August 30, 2009
Upgrading my iMac to Snow Leopard, one of the oddities I ran across was that in Firefox 3.52, a number of pages had their normal fonts replaced with “Courier” in odd places. Opening Font Book, I noticed that a number of fonts commonly used on web pages (Ariel, Verdana, etc.) showed that “duplicates” were present.
I right clicked on each of these, selected “Resolve Duplicates” and restarted Firefox, after which everything was back to normal.
No idea what the cause of this was, just thought I’d toss this out in case anyone else runs into it…
May 15, 2008
A lot of the magic of the iPhone is that things just work. Intuitively. A great example is during a call — when you bring the phone to your ear, the touch screen and display shut off automatically, to keep you from hanging up or dialing with your face. When you pull it away, the screen lights back up and the touch screen is activated again. All automagically.
Of course, that auto-magic has some real technology behind it — there is a little proximity sensor that both emits and detects an infrared beam — during a call, when an object (such as your ear) comes near it (within an inch or so), it reflects the beam back to the detector and shuts down the screen. When the reflection stops, the screen comes back on.
The proximity sensor is hidden under the glass just above the speaker hole — the overly-contrasty image above shows the rough location. You can see the actual sensor on this disassembly photo from iFixit.
Amazingly, nearly a year after the introduction of the iPhone, there are still a lot of cases being sold (even in places you think would know better) that cover up the proximity sensor with opaque material. Put one of these on your iPhone, and you too can dial with your face, hang up with your cheek, and get frustrated by not being able to punch in digits during a call.
Worse, there are more than a few rumors out there that if you leave the proximity sensor covered long enough, it can “stick” and just fail to work altogether — even if you take the cover off. If it sticks in the “screen off” position, you’re done until you get your phone repaired.
The moral of the story is be careful of your iPhone case — if you try a new case, double-check that the proximity sensor still works as it should, and if not, take it back and get a different one.
If you’ve found a great case that does work properly — or have a case horror story — share it with us in the comments!
April 11, 2008
I don’t know who Apple designs their earphones for, but it isn’t me. Every set of earphones I’ve ever gotten with an iPod, iPhone, etc. have been too damn big to fit in my ear. They hurt, and they don’t stay in, period.
I’m sure I must just have tiny ears (they probably came as a set with my big mouth), but I can’t be the only person out there that has this problem.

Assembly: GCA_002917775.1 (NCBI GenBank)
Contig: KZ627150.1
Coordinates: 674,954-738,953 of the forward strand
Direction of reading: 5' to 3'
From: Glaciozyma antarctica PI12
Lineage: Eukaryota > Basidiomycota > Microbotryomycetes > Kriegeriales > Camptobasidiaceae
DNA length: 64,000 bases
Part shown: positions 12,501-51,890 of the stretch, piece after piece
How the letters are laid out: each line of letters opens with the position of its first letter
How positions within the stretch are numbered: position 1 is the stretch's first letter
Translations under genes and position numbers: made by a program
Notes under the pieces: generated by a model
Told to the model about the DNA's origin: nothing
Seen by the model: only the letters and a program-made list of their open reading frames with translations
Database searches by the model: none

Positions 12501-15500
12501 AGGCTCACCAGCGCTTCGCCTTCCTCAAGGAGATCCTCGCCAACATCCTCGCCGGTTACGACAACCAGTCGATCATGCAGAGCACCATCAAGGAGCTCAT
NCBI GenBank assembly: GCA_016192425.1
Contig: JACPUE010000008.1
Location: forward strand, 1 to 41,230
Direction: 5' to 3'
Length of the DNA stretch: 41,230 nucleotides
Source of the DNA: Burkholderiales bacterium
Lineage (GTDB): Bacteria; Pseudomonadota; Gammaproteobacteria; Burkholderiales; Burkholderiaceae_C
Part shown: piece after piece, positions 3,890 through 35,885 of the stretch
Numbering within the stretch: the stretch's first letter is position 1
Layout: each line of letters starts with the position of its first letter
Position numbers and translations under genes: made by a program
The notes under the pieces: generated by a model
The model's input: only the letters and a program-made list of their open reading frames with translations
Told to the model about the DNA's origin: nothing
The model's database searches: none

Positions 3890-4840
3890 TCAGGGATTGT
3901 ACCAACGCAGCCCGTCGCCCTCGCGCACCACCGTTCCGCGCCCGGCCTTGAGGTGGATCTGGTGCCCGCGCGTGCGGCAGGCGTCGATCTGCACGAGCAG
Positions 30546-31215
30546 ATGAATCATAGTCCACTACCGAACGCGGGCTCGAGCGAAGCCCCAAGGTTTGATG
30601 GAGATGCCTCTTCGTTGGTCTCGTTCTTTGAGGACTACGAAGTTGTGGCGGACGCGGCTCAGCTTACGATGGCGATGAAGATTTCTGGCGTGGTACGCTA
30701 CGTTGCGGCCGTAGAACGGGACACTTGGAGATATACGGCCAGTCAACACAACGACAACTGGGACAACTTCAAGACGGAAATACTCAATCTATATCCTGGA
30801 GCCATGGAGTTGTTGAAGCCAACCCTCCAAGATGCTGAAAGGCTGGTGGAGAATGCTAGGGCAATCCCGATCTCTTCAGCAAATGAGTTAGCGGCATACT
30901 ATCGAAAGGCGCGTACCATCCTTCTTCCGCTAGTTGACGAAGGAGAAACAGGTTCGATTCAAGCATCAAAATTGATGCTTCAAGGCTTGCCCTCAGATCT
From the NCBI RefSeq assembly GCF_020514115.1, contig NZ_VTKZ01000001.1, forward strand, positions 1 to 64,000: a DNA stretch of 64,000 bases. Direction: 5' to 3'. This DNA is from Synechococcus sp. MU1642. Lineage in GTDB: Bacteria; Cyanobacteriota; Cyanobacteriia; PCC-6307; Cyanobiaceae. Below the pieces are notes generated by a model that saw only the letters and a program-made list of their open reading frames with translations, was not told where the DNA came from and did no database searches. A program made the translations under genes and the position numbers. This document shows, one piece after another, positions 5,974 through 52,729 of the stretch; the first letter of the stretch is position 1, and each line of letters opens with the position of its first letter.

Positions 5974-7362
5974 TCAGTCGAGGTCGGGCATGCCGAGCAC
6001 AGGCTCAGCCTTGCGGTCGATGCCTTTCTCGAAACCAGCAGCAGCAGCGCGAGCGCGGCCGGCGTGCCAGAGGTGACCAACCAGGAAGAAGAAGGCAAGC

April 9, 2008
Maybe I’m one of the few die-hard Firefox users on OS X (it doesn’t seem likely), but whenever I use Safari, it always drives me nuts that Cmd-K doesn’t go to Search.
Fortunately, it’s easy to fix.
Go to System Preferences, Keyboard & Mouse, Keyboard Shortcuts, and press the little “+” sign in the lower left to add a new shortcut. Select Safari.app as the Application, enter “Google Search…” as the Menu Title, and press Cmd-K in the Keyboard Shortcut field.
Click “add” and you’re all done.
March 30, 2008
As I mentioned previously, installing Woopra on a Mac requires installing the beta of Java 6. Unfortunately, how to get that done may not be terribly obvious to some users (it wasn’t to me, to begin with).
March 27, 2008
Woohoo! Mail.appetizer is back!.
Mail.appetizer is a great little freeware “notifier” for mail.app — the mail program that comes with Apples OS X.
What it does is pop up a little translucent window on your screen with the sender, subject and an excerpt of the message each time you receive mail. It also has buttons to mark the message as read, delete it, or go to mail to view it.
March 18, 2008
It seems like I’m always looking around for a better laptop sleeve. I’ve been rocking a Brenthaven Eclipse II sleeve for my 15″ Macbook Pro for awhile, and it’s a great sleeve, but for day-to-day stuff, I’d prefer something a bit more lightweight and “portfolio-like”.
Enter the new Proporta sleeve.
March 14, 2008
After living on Powerbooks and Macbook Pros for the past four years or so, I’m in the process of making the switch to a 24″ iMac instead. So far, all has gone well, except for a steadily increasing loathing of the display.
Everyone’s taste is different and everyone’s room lighting is different, but for me, the iMac display was way, way way too bright. Even cranking the “brightness” down all of the way, I was still seeing issues like white text on dark backgrounds “blooming”.
Fortunately, the fix turns out to be pretty easy.
March 4, 2008
Wow. I just looked at Amazon’s top selling notebooks, and you have to get to number 6 before you find a Windows machine among them — and it’s the only one in the top 10.
- Asus EEE 4G (Linux)
- Macbook 2.4GHz White (OS X)
- Asus EEE 4G Surf (Linux)
- Macbook 2.0GHz White (OS X)
- Macbook Pro 2.2GHz 15″ (OS X)
- HP Pavilion (Windows Vista)
- Macbook Pro 2.4GHz 15″ (OS X)
- Macbook 2.4GHz Black (OS X)
- Nokia 810 (Linux)
- Asus EEE 8G (Linux)
You have to get to number 14 before you even find a second Windows machine.
I’m just sayin’
March 4, 2008
Being the unreconstructed Apple fanboy that I am, this month makes it officially one year that I’ve lived with an Apple TV — and it’s been an interesting year.
Unlike some folks, I liked the Apple TV straight out of the box. The form factor (basically a half-height Mac Mini) was nice, it took five minutes to hook up to my home media system, and another five minutes to set up.